The team used single-cell gene expression analysis and immunohistochemistry to explore the different groups of cells present in the medial cerebellar nucleus of mice. This revealed five distinct subgroups of cells: four groups differed based on molecular expression patterns, including one which could be split into two further subgroups based on anatomical location.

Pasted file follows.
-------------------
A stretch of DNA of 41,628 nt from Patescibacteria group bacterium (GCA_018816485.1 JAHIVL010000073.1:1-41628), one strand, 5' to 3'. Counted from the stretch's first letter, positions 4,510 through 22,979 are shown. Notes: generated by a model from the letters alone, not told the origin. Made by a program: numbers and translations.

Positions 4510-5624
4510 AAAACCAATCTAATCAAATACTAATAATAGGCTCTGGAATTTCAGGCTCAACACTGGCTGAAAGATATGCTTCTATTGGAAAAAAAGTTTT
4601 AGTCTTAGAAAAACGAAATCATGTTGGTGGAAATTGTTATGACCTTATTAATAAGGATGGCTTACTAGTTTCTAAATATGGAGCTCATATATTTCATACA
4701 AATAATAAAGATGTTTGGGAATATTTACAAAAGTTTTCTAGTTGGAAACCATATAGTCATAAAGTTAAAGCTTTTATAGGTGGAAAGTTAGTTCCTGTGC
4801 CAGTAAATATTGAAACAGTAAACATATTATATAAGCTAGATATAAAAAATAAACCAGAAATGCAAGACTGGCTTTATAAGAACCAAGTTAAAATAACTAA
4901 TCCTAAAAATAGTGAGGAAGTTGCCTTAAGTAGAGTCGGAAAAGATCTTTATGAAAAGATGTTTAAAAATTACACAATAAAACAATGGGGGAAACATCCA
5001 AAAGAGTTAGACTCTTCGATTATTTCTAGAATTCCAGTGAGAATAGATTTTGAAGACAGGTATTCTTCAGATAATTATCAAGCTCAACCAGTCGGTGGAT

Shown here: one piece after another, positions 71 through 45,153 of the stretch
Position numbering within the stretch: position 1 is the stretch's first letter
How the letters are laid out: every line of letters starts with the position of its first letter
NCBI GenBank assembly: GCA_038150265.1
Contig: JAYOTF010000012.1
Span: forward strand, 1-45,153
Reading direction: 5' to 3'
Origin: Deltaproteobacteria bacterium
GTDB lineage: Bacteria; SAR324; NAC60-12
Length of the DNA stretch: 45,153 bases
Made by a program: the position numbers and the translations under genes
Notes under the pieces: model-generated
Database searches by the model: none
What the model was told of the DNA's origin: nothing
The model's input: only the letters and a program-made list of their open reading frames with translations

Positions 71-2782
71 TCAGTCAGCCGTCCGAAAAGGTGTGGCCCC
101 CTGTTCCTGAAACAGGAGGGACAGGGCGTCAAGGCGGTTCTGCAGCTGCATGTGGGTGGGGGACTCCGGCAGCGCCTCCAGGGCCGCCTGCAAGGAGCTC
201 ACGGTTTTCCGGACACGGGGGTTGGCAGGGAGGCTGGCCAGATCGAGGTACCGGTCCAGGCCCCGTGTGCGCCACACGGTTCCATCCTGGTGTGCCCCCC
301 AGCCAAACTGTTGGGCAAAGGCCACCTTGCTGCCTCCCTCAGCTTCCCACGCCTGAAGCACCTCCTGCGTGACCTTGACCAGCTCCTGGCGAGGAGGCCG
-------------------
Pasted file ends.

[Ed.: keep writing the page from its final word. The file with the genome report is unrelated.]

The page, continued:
Next, Fujita et al. carried out a series of tracer experiments to map how each of the five identified subgroups was connected to different areas of the brain. This approach used viral transneuronal tracers, which exploit the ability for certain viruses to ‘jump’ across the junction that connects two neurons. The resulting input-output maps were nearly completely segregated. This highlighted that each subgroup in the nucleus had divergent projection patterns and was anatomically connected to separate, large-scale networks that play different roles in voluntary or involuntary ‘autonomic’ functions (Figure 1). The constitution of these networks suggest that some may be predisposed to transmit fast signals, while others transmit signals more slowly. This is a crucial step for understanding how different cell groups in the medial nucleus may play specific roles, and how they may work together to integrate different types of responses (Romano et al., 2020).